Monday, February 21, 2011

Writing and Resilience

In one of my first posts since renewing this blog, Grieving and Sharing, I wrote about how reaching out to others who are experiencing (or have experienced) loss or other kinds of hardship has been healing for me. Writing my memoir, of course, is one of the ways I've done this, as is (for that matter) writing this blog.

I find writing to be one of the most effective ways of processing the traumas, surprises, and puzzles life has thrown my way over the years. But writing is more than therapeutic for me - the artistic process of transforming the bare facts of "what happened" into stories that can affect others satisfies a deep creative need. I neglected this need during the long period when I was developing my career(s) and raising my family. But in the past couple of years I've been catching up - participating in writers' workshops as well as one retreat and a year-long course, writing short fiction and creative non-fiction based (so far) on my own life. Part of me is terrified that after And Twice the Marrow of Her Bones there won't be any more - that my creativity has dried up - but I'm determined not to give up. In this, Timora is my role model.

Timora was very gifted in several branches of the arts - notably theater and music - but above all she was a writer. She wrote and wrote, no matter how ill, tired, or discouraged she felt, all the way up to the week before she entered the ICU for the last time. She had an extraordinary ability to take her experience of life and put it down on paper gracefully, beautifully, and movingly. She began to seriously develop her writing - especially her poetry - in ninth grade, when she was still suffering from the side effects of her first bone marrow transplant. The first really serious poem she wrote expressed, passionately but at the same time wistfully, her take on her life at that time:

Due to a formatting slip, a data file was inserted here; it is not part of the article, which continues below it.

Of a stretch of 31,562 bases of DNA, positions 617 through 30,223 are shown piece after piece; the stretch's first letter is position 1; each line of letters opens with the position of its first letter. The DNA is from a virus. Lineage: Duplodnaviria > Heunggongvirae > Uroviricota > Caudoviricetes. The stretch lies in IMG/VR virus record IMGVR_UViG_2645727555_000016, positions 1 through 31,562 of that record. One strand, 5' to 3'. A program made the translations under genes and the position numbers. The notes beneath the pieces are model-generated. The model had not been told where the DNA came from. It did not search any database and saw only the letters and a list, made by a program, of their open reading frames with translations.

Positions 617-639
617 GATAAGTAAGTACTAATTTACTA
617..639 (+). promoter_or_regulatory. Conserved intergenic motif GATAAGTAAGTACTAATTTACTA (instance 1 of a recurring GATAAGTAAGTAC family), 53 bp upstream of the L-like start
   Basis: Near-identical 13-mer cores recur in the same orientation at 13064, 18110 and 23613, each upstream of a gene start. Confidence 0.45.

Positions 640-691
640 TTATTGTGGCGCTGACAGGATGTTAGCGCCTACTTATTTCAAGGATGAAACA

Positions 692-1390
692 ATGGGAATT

I might have been now
A tranquil girl, with a smile on her face,
And not perpetually cross.
A serene and confident girl,
Who doesn’t fear every shadow.
I might have been now
A regular schoolgirl,
And a girl who returns home from school
With quick, light steps,
Without arriving panting and in pain.
I might have
Joined all the trips and camps
I missed and will go on missing.
Slept at night, with pleasant dreams,
Made peace with myself – no one’s perfect.
I might have
Had friends
Who come to my home and host me at theirs,
And all could have been self-evident,
And clear, that I truly deserve this.
I might have had something to do with my life,
Accepted love from my sisters
And finally stopped weeping
And have been fourteen and five months.
I might

(The Hebrew original can be found here.)

I'm sure that Timora's ability to give creative expression to her inner life is part of what made her so resilient. If I find myself only half as able as Timora was to transform the stuff of life - whether it be grief, joy, fear, or wisdom - into art, I'll be eternally grateful.

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